A loving relationship can be an oasis in uncertain times, but nurturing it requires attention, honesty, openness, vulnerability, and gratitude.
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Pondering the emotional side of life, beginning to end.
Deborah L. Davis Ph.D.
When a baby dies during pregnancy, birth, or infancy, many parents grieve deeply but also worry about the intensity of their reactions. Why is this bereavement so hard to bear?
Having an affair with a married man? Does he swear true love, but won't leave his wife? Spot the red flags, save yourself, and move on.
Here is what you can do to support bereaved parents.” See what accepting and connecting entails, how it works, why it benefits parents, and how it benefits you, too.
From pandemic to protests to politics, it’s critical for you to be a smart consumer of news and information. Here are seven tips on how to judge sources, facts, and opinions.
To be an effective ally for racial justice, it helps to examine the roots of systemic racism.
As peaceful protests become violent, lets look at what's happening and why, plus five ideas on what we can do to cast off the systemic racism that poisons our society.
Do you find yourself criticizing people for how they respond to stay-at-home orders? Try to practice curiosity, compassion, and acceptance instead.
Are you resisting the restrictions of social distancing and stay-at-home laws? Let's look at the possible exponential spread of this coronavirus, and you may find it easier to comply.
Protect-and-direct bereavement care is "what not to do." But this practice can be a longstanding habit that's hard to break. How can you begin to change your ways? Start here.
After a baby dies, protecting parents from pain and directing them to move on might sound good. But this approach bothers parents and does real harm. Let’s explore how and why.
Let’s review the beliefs that drive us to “protect and direct” bereaved parents, and explore how these thoughts translate into specific actions.
The urge to "protect & direct" is based on certain beliefs about bonding, death, and grieving and the related assumptions made. See which ones you hold, and ponder their influence.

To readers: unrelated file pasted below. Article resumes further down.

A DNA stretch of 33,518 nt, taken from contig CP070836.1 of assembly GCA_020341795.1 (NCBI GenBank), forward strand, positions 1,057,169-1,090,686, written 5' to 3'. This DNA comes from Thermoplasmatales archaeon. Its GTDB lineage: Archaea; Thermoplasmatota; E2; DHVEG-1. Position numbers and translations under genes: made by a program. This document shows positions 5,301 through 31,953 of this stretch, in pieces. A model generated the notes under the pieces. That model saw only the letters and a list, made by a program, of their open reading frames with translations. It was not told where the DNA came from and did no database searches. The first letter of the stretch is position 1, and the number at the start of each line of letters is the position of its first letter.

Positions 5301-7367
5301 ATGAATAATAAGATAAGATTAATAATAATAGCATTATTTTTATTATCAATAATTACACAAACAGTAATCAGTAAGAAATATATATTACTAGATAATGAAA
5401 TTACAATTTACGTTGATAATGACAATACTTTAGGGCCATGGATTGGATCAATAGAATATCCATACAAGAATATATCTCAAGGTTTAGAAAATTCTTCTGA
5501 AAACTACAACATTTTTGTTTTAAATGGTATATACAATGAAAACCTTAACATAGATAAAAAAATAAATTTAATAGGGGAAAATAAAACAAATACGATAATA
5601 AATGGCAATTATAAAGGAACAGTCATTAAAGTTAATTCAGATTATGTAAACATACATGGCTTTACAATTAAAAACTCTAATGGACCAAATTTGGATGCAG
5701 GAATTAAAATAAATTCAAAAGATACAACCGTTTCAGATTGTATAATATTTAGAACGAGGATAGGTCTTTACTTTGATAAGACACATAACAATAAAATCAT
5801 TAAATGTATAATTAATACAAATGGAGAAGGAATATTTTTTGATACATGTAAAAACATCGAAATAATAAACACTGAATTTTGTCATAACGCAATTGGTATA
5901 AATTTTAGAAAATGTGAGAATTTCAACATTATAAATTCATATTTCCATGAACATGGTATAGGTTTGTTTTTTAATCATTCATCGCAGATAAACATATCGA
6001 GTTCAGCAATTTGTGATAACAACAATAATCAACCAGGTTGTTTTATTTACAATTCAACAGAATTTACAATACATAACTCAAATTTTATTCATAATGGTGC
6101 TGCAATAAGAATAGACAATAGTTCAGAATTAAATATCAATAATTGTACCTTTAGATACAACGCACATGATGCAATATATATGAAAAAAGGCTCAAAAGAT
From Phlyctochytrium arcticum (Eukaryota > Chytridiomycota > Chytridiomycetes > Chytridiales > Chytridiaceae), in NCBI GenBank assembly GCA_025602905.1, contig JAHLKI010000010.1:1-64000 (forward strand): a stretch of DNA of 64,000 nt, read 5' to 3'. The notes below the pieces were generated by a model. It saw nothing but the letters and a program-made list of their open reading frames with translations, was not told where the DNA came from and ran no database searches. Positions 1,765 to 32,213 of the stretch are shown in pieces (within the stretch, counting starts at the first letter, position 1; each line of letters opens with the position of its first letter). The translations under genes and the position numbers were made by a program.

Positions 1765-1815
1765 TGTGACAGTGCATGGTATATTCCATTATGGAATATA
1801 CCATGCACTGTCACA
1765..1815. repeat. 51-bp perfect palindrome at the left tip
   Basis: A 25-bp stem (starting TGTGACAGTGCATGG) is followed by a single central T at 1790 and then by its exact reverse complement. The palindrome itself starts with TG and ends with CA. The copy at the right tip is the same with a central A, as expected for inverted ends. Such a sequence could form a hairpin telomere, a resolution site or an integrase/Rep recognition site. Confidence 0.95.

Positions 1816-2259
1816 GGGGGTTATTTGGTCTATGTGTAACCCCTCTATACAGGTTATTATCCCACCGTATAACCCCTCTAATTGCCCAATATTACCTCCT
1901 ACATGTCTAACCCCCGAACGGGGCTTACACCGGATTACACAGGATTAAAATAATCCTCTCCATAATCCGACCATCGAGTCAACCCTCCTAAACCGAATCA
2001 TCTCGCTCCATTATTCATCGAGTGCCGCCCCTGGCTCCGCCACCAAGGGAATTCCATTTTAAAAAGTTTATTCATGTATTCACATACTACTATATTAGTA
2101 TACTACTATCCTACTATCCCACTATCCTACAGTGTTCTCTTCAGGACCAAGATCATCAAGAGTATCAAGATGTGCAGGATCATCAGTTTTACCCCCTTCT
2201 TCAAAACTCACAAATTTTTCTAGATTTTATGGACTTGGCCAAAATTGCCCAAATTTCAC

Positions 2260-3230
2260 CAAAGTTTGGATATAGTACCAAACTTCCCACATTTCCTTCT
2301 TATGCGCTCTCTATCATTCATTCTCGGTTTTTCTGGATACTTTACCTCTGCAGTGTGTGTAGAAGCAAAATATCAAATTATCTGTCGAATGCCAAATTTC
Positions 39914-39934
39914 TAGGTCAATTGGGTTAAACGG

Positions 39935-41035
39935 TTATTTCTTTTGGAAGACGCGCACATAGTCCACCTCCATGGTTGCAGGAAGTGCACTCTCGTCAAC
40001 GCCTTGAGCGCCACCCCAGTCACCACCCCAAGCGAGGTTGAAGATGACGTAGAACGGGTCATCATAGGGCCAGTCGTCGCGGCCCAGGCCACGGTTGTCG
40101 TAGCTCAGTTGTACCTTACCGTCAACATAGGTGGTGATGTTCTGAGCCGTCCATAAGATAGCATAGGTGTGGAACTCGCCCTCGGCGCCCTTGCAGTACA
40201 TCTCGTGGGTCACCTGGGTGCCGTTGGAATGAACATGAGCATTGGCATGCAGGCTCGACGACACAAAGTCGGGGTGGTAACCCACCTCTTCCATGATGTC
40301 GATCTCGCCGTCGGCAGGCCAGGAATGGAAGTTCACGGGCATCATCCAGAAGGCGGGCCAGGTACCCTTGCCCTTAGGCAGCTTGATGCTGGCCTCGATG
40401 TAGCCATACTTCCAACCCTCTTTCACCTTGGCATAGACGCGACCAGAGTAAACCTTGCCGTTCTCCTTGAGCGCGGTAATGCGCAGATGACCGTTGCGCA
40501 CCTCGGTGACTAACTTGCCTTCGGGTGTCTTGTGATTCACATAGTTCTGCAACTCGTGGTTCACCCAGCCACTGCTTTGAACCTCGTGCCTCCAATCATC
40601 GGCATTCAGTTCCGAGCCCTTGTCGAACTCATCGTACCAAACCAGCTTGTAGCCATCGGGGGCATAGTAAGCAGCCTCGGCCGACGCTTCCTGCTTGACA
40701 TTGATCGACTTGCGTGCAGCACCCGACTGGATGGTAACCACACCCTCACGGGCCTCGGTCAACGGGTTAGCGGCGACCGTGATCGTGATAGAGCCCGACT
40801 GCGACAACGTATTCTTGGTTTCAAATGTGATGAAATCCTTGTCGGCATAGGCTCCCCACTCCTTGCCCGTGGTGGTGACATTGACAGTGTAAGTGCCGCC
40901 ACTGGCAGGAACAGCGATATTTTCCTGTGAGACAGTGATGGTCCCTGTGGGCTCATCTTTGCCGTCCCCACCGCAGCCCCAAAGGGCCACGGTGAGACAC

Your words have a powerful effect on grieving parents, whether you’re a professional caregiver or a dear friend. Here are some insights on what to say.
Platitudes, euphemisms, and jargon do more than just inflict pain. They actually create distance. Be mindful of this effect, and understand the value of honest, open, plain talk.
Encouraging words, mild expressions, & medical jargon are meant to be kind and caring, but rarely have that effect on bereaved parents. Find out why, so you can offer real support.
Cognitive empathy discourages connecting with parents; emotional empathy makes it hard to accept parents as they are. Compassion is what enables us to skillfully accept & connect.
What’s the difference between compassion and empathy? Why is compassion key to supporting bereaved parents? How does it ward off burnout & increase your professional fulfillment?
When you "accept and connect," you become a nonjudgmental witness and companion, which enables you ease parents’ suffering with a therapeutic, compassionate presence.
How to think about the suffering we witness in grieving parents, and why they benefit most when we accompany them through their suffering rather than jumping in to protect them.
Why does separating parents from their dying or deceased babies deepen their distress? And how do parents benefit when we honor their bond and trust them to know what they want?
What happens if grieving parents can’t “move on” after their baby dies? Let’s look at grief and adjustment, common concerns, and the kinds of support that truly benefit parents.
Adjusting to a baby’s death can be extremely hard, and parents never forget. That's why they experience profound grief and a lengthy mourning, and “moving on” is not an option.
Are you in a relationship and comparing yourself to her ex-lover? Are these thoughts interfering with your happiness? Here's how to gain confidence and get rid of the ghost.
October is Pregnancy & Infant Loss Awareness Month; the 15th is the International Remembrance Day, observed with "a wave of light". Here's how to offer support to bereaved parents.
Offering comfort to people in crisis requires special care and sensitivity. It can also require that you get support.
Unsure of how to support loved ones in crisis? If you can picture concentric circles and a spotlight trained on the center, you can up your game.
Is your partner constantly irritated? Do you feel like you're being blamed? Here are some ideas to consider, ways to deal with it, plus resources that show how to restore peace.
This week’s #metoo moment yields a pointed lesson on how sexual harassment is mostly about power dynamics—and even feminist scholars can wield power plays.
It's Pride Month. An out and proud reader wonders about how to handle people who shine a spotlight on her LGBTQ+ status. Here's a look at how to build bridges of understanding.
It's summertime and the sexy lovin' is easy—and sometimes WAY too loud. If lusty neighbors are scorching your eardrums, here are 10 tips for dealing with this situation.
Deborah L. Davis, Ph.D., is a developmental psychologist and the author of 6 books, including one about perinatal hospice titled A Gift of Time.